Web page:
SAN FRANCISCO — After Game 5 of the NBA Finals, a Warriors win that put them one game away from a fourth title in eight years, ESPN’s Brian Windhorst went on SportsCenter and decided to embarrass himself.
“They have a $340 million payroll when you consider taxes,” Windhorst said of Golden State. “You don’t just have to beat the Warriors on the court, you have to beat their checkbook. Nothing away from Andrew Wiggins tonight but this was a checkbook win for the Warriors.”
A “checkbook win.”
No matter what spin happens in the days to come, that was not meant as a compliment.
No, it was meant to undercut the Warriors’ success this season.
And that’s fine. Unbecoming, but fine. Heaven knows I can deliver a good pot-shot, too.
But what actually bothers me about this take is that it’s carrying water for the NBA’s cheap owners, who would rather complain about a rich team than actually invest in theirs.
That’s the embarrassing part.
There are plenty of “rumblings” around the NBA that owners don’t like Golden State’s spending. The Warriors have the highest payroll in the league at $178.9 million per USA Today, and with their luxury tax payments, they are, indeed, close to that $340 million mark for this season.
But how is that anything but a good thing?
Not just for the Bay and Warriors fans and Steph Curry’s great-great-great-grandchildren, but for the league on the whole?
It’s not like that luxury tax just disappears, after all.
And shouldn’t it be the ideal for a team to actually spend money on their own players in an effort to have the best team possible?
The Warriors haven’t broken any rules, nor are they pushing any boundaries — they are playing within the confines of the NBA rules and are penalized, heavily, for simply not being cheap.
They pay luxury tax — which increases the more you spend — because they want to win.
Apparently, that’s not a universal desire in the NBA.
The Warriors aren’t the basketball equivalent of the Steinbrenner Yankees going out and using the Oakland A’s as a farm team. It’s not a Manchester City, Paris Saint-Germain sports washing situation, either.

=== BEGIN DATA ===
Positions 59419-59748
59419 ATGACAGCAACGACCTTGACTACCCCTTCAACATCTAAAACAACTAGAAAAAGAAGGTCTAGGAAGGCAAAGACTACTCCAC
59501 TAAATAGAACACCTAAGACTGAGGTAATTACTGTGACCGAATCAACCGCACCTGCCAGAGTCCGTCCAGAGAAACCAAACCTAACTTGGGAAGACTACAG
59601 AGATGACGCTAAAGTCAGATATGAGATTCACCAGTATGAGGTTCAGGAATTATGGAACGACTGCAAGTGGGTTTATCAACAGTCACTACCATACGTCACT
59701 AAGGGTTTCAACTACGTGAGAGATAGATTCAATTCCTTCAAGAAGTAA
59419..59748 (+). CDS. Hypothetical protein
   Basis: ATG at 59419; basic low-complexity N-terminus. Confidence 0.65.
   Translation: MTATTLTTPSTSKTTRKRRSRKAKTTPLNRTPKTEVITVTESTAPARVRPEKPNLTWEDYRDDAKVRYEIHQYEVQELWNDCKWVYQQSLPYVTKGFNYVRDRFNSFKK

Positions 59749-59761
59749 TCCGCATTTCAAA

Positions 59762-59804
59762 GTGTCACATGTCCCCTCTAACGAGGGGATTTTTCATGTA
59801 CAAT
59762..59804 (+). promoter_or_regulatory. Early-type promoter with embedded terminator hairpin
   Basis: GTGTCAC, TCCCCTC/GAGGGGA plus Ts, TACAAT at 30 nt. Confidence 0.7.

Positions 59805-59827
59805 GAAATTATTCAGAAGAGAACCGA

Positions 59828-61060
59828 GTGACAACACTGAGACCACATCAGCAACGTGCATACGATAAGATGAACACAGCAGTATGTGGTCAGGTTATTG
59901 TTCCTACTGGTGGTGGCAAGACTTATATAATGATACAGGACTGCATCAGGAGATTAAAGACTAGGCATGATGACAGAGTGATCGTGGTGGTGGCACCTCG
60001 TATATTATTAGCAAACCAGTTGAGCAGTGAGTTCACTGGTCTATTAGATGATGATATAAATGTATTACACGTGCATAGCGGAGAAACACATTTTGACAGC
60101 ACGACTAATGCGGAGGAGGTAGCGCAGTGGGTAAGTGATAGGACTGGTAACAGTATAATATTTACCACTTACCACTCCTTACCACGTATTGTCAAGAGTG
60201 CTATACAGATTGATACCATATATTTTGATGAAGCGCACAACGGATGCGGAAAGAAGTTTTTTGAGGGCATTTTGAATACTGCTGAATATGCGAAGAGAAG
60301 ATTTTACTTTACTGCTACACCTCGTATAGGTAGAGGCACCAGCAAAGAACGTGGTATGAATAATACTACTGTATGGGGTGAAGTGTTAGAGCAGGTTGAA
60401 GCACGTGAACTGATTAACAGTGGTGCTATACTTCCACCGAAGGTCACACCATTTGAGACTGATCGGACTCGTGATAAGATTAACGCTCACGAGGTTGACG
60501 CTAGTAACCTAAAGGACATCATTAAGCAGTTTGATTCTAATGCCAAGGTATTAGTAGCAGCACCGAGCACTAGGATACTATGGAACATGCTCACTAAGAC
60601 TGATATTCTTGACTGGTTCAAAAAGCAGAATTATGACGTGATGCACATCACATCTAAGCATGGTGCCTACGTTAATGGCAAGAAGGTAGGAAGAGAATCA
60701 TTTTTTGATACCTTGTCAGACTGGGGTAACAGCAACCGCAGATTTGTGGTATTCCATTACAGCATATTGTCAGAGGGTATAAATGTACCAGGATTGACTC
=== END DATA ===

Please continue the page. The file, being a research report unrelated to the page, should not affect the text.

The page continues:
No, the Warriors spending on their own players with money they have brought in through investments in their basketball product.
To even put a pejorative tone on such an enterprise is preposterous.
On top of Windhorst’s SportsCenter hit, I listened to his “Hoop Collective” podcast after Game 5. I’m actually a long-time subscriber to the show — it’s oftentimes an enjoyable and informative listen.
But there was the “checkbook win” argument again. And with a bit more time to expand, the subtext was clear that Windhorst thought Wiggins — who had 26 points and 13 rebounds in Game 5 — was a luxury item that other teams couldn’t afford.
We’re beyond embarrassing now. This has to be some sort of practical joke.
When the Warriors traded for Wiggins, the consensus belief was that he had the worst contract in the NBA.
The Warriors only traded for him because they had determined in-house that, no, there was actually a worse contract — it was the one they had just given D’Angelo Russell in a sign-and-trade with the Brooklyn Nets for Kevin Durant.
Wiggins was perceived as such an overpaid disappointment that the Timberwolves tossed a first-round pick into the deal to make it happen.
And now Wiggins is a luxury?
Revisionist history is laughable.
The Warriors do, indeed, have four players with “max” salaries — Wiggins, Klay Thompson, Draymond Green, and Steph Curry, the NBA’s highest-paid player.
They drafted three of those players and have rewarded them for their three championships and now-six NBA Finals trips with commensurate contracts.
The other “max” contract — Wiggins – is only on the team because the NBA and players’ union refused to smooth over the league’s salary cap in the summer of 2016, creating a roughly $20 million spike in the cap for every team.